Please use this identifier to cite or link to this item: https://doi.org/10.1103/PhysRevApplied.14.054027
Title: Gaussian Thermionic Emission Model for Analysis of Au/MoS2 Schottky-Barrier Devices
Authors: Wong, Calvin Pei Yu 
Troadec, Cedric
Wee, Andrew TS 
Goh, Kuan Eng Johnson 
Keywords: Science & Technology
Physical Sciences
Physics, Applied
Physics
Issue Date: 12-Nov-2020
Publisher: AMER PHYSICAL SOC
Citation: Wong, Calvin Pei Yu, Troadec, Cedric, Wee, Andrew TS, Goh, Kuan Eng Johnson (2020-11-12). Gaussian Thermionic Emission Model for Analysis of Au/MoS2 Schottky-Barrier Devices. PHYSICAL REVIEW APPLIED 14 (5). ScholarBank@NUS Repository. https://doi.org/10.1103/PhysRevApplied.14.054027
Abstract: Schottky-barrier inhomogeneities are expected at the metal-transition-metal-dichalcogenide (TMDC) interface and this can impact device performance. However, it is difficult to account for the distribution of interface inhomogeneity as most techniques average over the spot area of the analytical tool (e.g., few hundred micrometers squared for photoelectron-based techniques), or the entire device measured for electrical current-voltage (I-V) measurements. Commonly used models to extract Schottky-barrier heights neglect or fail to account for such inhomogeneities, which can lead to the extraction of incorrect Schottky-barrier heights and Richardson constants that are orders of magnitude away from theoretically expected values. Here, we show that a Gaussian-modified thermionic emission model gives the best fit to experimental temperature-dependent current-voltage (I-V-T) data of van der Waals Au/p-MoS2 interfaces and allow the deconvolution of the Schottky-barrier heights of the defective regions from the pristine region. By the inclusion of a Gaussian-distributed Schottky-barrier height in the macroscopic I-V-T analysis, we demonstrate that interface inhomogeneities due to defects are deconvoluted and well correlated to the impact on the device behavior across a wide temperature range from a room temperature of 300 K down to 120 K. We verify the Gaussian thermionic model across two different types of p-MoS2 (geological bulk crystals and synthetic flux-grown crystals), and finally compare the macroscopic Schottky-barrier heights with the results of a nanoscopic technique, ballistic hole emission microscopy (BHEM). The results obtained using BHEM are consistent with the pristine Au/p-MoS2 Schottky-barrier height extracted from the Gaussian-modified thermionic emission model over hundreds of nanometers. Our findings show that the inclusion of Schottky-barrier inhomogeneities in the analysis of I-V-T data is useful to elucidate the impact of defects (e.g., grain boundaries, metallic impurities, etc.) and hence their influence on device behavior. We also find that the effective Richardson constant, a material-specific constant typically treated as merely a fitting constant, is a useful parameter to check for the validity of the transport model.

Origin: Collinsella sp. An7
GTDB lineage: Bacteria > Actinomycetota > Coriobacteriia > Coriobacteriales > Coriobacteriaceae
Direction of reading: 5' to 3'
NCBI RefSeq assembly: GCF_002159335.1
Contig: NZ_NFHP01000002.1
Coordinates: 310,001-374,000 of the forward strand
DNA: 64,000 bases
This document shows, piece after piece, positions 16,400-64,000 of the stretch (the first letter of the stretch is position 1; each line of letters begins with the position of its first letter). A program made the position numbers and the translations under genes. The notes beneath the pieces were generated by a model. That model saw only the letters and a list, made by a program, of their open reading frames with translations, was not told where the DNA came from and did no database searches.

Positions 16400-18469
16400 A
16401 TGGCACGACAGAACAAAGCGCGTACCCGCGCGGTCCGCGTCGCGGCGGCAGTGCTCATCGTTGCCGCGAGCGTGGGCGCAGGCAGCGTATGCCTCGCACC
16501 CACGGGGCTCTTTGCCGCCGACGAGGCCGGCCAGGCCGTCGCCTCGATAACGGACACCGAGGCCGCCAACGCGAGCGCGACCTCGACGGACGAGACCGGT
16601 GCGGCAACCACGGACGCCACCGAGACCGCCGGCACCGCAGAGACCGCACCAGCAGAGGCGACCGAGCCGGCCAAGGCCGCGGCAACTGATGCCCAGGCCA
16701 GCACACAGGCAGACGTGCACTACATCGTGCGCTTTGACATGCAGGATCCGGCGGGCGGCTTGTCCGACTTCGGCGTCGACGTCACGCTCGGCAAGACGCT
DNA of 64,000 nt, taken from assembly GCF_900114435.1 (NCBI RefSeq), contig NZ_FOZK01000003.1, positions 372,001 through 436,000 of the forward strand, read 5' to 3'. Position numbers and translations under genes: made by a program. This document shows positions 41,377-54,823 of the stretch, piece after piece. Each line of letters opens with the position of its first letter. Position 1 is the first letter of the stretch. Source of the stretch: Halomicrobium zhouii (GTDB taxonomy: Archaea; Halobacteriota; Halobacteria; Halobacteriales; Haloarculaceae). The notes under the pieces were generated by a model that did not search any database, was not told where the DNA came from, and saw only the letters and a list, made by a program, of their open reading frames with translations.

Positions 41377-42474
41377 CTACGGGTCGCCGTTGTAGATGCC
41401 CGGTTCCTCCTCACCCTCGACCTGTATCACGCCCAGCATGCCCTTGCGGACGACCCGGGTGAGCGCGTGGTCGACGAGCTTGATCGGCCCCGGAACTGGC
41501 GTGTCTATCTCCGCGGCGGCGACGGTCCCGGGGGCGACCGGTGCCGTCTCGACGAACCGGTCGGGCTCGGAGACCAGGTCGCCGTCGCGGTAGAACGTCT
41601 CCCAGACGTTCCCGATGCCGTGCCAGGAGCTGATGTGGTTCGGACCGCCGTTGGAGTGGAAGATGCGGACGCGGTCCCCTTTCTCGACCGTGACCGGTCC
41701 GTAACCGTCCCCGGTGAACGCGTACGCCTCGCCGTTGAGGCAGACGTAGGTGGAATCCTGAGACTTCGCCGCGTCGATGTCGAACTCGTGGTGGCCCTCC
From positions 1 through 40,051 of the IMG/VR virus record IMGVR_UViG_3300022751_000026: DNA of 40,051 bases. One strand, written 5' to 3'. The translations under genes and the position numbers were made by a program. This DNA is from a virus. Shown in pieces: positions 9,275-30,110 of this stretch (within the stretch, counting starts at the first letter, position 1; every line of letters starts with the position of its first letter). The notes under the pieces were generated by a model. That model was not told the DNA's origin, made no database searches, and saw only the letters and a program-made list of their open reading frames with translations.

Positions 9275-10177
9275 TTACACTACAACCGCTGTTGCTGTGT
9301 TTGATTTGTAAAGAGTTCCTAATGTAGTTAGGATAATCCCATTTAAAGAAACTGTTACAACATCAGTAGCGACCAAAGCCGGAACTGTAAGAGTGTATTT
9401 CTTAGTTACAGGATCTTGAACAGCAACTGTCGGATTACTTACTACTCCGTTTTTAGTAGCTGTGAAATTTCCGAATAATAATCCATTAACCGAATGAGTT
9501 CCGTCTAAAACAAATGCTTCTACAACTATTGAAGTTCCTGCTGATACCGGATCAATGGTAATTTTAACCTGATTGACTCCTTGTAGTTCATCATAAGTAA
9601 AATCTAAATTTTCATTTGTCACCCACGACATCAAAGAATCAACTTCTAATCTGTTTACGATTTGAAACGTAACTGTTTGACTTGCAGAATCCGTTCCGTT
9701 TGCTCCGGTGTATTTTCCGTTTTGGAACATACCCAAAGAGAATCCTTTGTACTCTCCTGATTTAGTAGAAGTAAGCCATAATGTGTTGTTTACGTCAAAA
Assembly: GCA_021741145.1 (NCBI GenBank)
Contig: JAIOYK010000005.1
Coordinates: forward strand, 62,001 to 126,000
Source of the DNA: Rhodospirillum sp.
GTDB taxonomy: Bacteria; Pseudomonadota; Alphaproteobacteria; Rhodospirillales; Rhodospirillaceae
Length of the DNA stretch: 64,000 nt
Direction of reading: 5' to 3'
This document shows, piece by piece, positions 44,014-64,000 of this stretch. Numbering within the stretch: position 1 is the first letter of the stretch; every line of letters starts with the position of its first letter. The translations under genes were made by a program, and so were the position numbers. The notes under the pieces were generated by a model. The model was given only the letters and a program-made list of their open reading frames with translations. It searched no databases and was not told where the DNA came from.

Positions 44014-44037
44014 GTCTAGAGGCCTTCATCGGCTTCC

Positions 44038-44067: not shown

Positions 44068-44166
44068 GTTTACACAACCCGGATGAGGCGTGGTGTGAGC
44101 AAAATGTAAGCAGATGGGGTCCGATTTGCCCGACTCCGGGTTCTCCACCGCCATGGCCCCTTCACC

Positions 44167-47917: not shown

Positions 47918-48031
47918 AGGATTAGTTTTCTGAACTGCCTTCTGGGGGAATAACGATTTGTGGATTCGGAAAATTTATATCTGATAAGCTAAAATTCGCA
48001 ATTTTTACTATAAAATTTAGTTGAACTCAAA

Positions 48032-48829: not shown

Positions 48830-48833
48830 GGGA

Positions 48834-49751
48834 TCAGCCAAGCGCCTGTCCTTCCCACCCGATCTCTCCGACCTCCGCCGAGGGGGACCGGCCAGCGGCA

Source Title: PHYSICAL REVIEW APPLIED
URI: https://scholarbank.nus.edu.sg/handle/10635/230037
ISSN: 23317019
DOI: 10.1103/PhysRevApplied.14.054027
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